Several European nations will propose this week that the United States adopt a "zero-level option" as its official opening bargaining position in the theater nuclear forces (TNF) negotiations with the Soviet Union scheduled to begin in Geneva Nov. 30, allied defense and diplomatic officials have disclosed.

The decision by West Germany, Italy and the Netherlands to press the United States to offer the controversial proposal at Geneva represents a move by them to defuse the mass protests rolling across Europe against the scheduled deployment in their countries of a new generation of U.S. medium-range nuclear missiles, these officials acknowledged.

European pressures resulted in NATO's defense ministers last week endorsing the zero option as a possible negotiating proposal at a meeting in Gleneagles, Scotland, despite U.S. opposition.

Bonn, Rome and The Hague now want to push for a stronger U.S. commitment to this option. U.S. officials have been moderating their position on the plan but still are doubtful whether they will accept it.

Under the "zero-level" approach, the NATO allies would agree not to deploy any of the now-planned 108 Pershing II and 464 ground-launched cruise missiles in Europe if the Soviets reduce to zero their 250 or so new SS20 intermediate-range missiles, each with three warheads, and about 300 remaining, older SS4 and SS5 medium-range missiles.

Until now, the official position of NATO has been that the TNF talks should result in an equal balance of theater-range missiles on both sides, with no numbers mentioned.

When this zero option approach was raised privately by the West Germans during the Carter administration, Washington officials rejected it, arguing that thereafter the Soviets would not consider the allies serious in wanting some arms limitations.

Reagan officials have criticized the zero option idea, saying publicly that it raises false hopes about what can be achieved through negotiation and adding privately that should the Soviets accept the idea, it would leave them with an advantage in the nuclear forces that remained.

The allies, however, do not expect the Soviets to accept the zero option approach, it was learned during interviews in the past weeks with officials in London, The Hague, Bonn and Rome.

Many Western European officials say privately they would be disappointed if the Soviets did. They see in NATO-based Pershing II and ground-launched cruise missiles, real deterrents to the Soviets, weapons that Moscow would fear more than the land-based NATO missiles now in Europe because they could hit the Soviet homeland.

Rather, U.S. adoption of the zero option at the beginning of the coming talks, these European officials contend, is a necessary public relations move. They hope it would link, in the minds of their uneasy constituents, the new long-range U.S. nuclear-tipped missiles to the SS20s and thus counter the massive Soviet propaganda aimed at blocking any NATO deployments, while Moscow keeps the missiles it already has deployed.

The Soviets have argued, with some success among Europeans, that they are only modernizing their older missiles while the United States is planning to bring in a whole new type, thus increasing the nuclear threat in Europe.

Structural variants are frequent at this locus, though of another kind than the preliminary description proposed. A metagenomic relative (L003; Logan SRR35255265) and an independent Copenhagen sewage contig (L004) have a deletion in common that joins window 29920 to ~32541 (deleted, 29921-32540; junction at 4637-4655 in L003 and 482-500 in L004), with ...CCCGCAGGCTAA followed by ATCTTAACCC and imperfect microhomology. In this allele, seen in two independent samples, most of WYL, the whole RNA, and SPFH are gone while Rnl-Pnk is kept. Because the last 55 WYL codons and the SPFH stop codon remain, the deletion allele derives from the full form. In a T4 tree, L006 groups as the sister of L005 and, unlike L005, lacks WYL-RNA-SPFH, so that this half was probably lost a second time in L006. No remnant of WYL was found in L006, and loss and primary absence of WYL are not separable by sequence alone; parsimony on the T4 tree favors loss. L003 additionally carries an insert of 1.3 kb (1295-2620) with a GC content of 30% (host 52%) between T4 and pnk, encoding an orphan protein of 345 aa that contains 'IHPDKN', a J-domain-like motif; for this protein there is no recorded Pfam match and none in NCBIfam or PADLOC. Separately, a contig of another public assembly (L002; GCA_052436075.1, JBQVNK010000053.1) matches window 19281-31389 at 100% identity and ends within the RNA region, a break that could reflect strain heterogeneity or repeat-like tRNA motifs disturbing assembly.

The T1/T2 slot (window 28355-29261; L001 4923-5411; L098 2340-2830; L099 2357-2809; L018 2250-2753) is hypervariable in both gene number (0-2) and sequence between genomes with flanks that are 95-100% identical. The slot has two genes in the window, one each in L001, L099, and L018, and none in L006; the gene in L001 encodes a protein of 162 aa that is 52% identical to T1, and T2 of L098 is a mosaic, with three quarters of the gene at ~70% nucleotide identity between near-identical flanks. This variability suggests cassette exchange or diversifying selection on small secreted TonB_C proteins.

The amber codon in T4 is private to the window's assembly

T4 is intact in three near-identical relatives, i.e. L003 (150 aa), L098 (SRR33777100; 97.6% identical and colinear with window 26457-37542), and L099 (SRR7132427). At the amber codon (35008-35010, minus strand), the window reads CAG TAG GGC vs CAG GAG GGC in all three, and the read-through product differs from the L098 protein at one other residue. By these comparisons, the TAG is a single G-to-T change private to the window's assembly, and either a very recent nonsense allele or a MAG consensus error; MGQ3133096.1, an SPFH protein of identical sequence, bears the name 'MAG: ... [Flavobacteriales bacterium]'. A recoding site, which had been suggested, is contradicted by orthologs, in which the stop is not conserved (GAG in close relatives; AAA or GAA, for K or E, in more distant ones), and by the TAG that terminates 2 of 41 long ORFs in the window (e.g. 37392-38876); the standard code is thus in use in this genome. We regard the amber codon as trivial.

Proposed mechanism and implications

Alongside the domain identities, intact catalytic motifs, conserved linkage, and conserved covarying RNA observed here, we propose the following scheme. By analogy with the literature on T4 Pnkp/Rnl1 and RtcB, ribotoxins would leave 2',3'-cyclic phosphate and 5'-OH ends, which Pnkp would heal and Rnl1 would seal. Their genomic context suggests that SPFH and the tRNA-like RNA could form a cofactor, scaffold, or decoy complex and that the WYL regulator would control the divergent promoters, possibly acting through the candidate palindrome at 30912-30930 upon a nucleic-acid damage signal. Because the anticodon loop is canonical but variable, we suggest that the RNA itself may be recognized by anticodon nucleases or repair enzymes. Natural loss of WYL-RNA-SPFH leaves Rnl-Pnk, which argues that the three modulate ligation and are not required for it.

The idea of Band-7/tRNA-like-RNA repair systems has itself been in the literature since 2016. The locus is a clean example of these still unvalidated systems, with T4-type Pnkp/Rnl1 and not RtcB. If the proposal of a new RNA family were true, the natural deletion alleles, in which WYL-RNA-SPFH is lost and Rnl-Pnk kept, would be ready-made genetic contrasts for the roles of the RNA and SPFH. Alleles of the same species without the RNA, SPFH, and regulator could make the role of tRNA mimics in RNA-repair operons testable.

The United States and its NATO allies are still working out the final details of mutually accepted positions for the U.S. negotiators to take at the Geneva talks.

The coming round of talks with the Soviets will aim at trying to work out arrangements on two key procedural issues, according to officials.

"We have to decide on what we want to limit," one NATO official involved in the process said last week, "and how we want to limit."

The United States, in preparing its approach, has sounded out the allies on the idea of expanding the types of Soviet missiles that would be included in the initial round of negotiations to include the SS22, a new, solid-fueled, mobile missile that U.S. intelligence says can travel 620 miles and thus would be able to hit West Germany from the western Soviet Union.

The Europeans' zero-level proposal and the U.S. plan to include the SS22 will be put forward, according to NATO sources, at an Oct. 26 meeting in Brussels of the Special Consultative Group, the committee charged with working out NATO's negotiating position.

New concern about the SS22 was a major finding of the recent six-month review of the Soviet threat undertaken by another NATO committee, the High Level Group, at the suggestion of the Reagan administration.

U.S. analysts were said to have suggested that if through the Geneva talks equal limits were placed on the NATO-based U.S. Pershing and cruise and Soviet SS20 missiles, the Soviets could simply build more SS22s and thus retain the numerical advantage in warheads aimed at Western Europe.

Adding the SS22 has already been discussed by the NATO groups for inclusion in the negotiating package, but several of the European nations saw it as creating problems at this early stage of talks.

When NATO adopted its 1979 decision to deploy the Pershings and cruise missiles, the alliance agreed to the so-called "double track" approach: that the weapons would begin to be introduced on West European soil in December 1983, but before then the allies would attempt to limit their number through arms control talks with the Soviets.

NATO also agreed to a slow, five-year deployment schedule, based on the idea that even after deployment started, it could be halted before all 572 missiles were in place.

Last week, the zero option idea was included over objections of Defense Secretary Caspar W. Weinberger as a "possible" approach in negotiations with the Soviets in the NATO defense ministers' communique at the end of their meeting in Scotland.

The Netherlands and West Germany led the move to insert the zero option and are expected to push the proposal in Brussels.